When we trust ourselves to follow the signals of life that the patient emits in seemingly casual conversation, we increase our chances of stepping outside the confines of our theoretical models to enjoy an unexpected encounter.
It’s probably fair to say that most teens loathe the very idea of therapy. Yet, with confused and troubled adolescents needing our help more than ever, the gap between our grad school training and what works in real-life practice continues to widen.
We live in a culture of denial, especially about the grim reality of climate change. Sure, we want to savor the occasional shrimp cocktail without having to brood about ruined mangroves, but we can’t solve a problem we can’t face.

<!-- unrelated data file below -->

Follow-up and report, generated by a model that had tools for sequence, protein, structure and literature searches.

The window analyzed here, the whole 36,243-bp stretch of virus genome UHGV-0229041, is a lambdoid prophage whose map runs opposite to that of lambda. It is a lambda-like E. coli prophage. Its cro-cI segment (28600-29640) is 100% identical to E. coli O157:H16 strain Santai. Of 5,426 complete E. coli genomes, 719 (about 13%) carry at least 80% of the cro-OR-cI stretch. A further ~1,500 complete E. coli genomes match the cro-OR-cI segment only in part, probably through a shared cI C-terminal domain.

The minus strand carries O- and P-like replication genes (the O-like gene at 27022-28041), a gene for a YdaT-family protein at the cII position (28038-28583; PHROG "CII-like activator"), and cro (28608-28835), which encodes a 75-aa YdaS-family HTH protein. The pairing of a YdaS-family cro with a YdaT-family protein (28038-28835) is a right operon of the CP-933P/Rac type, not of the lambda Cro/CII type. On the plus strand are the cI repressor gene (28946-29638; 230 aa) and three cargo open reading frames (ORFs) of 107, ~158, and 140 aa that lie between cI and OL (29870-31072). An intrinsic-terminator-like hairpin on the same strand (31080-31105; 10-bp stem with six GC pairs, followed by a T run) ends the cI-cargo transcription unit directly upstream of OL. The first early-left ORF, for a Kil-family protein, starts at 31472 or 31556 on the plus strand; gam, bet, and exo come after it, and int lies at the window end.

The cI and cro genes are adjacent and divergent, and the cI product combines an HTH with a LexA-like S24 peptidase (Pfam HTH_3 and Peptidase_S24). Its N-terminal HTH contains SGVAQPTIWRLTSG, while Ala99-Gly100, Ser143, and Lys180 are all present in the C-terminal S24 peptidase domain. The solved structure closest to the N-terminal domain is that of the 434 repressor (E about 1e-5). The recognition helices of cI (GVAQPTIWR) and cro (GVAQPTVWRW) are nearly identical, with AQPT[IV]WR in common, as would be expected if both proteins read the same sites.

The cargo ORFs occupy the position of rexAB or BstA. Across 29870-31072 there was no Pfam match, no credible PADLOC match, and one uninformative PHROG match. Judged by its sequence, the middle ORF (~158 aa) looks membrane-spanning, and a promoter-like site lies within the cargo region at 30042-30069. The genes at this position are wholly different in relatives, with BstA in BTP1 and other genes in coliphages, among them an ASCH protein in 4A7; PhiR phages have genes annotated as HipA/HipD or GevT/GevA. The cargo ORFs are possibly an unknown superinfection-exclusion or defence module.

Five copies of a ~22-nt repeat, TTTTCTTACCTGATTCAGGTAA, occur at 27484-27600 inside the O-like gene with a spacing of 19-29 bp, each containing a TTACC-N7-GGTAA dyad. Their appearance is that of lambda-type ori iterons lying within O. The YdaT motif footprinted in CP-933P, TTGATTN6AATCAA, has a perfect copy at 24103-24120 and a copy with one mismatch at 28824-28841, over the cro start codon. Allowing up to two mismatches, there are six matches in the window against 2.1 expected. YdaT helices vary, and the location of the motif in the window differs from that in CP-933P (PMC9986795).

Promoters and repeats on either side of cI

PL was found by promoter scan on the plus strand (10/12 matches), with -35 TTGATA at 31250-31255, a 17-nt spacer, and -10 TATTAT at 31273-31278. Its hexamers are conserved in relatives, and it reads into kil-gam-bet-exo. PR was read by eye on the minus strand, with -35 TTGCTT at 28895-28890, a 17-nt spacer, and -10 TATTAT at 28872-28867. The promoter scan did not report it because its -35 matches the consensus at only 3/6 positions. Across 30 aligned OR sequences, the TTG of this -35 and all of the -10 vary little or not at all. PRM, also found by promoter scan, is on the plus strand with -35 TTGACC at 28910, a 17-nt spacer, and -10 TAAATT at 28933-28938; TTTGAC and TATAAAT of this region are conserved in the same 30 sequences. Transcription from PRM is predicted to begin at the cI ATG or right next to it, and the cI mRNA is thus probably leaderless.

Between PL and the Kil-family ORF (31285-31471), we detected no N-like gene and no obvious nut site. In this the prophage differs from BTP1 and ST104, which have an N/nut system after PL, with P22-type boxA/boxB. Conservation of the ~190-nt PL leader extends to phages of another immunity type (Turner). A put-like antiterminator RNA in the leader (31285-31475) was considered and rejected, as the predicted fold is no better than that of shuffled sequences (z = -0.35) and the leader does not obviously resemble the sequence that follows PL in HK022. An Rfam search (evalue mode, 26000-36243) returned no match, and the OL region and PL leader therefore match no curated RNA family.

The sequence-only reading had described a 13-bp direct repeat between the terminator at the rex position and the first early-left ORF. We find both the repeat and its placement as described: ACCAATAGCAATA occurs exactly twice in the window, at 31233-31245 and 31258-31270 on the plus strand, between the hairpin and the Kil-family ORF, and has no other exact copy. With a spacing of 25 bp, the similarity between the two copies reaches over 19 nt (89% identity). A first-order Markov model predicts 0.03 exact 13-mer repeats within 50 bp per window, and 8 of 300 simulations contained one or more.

Men with anger problems are generally highly reluctant clients who come to our offices only because they’ve gotten “the ultimatum” from their wives, girlfriends, or bosses. Fortunately, understanding the angry brain can help build their motivation for change.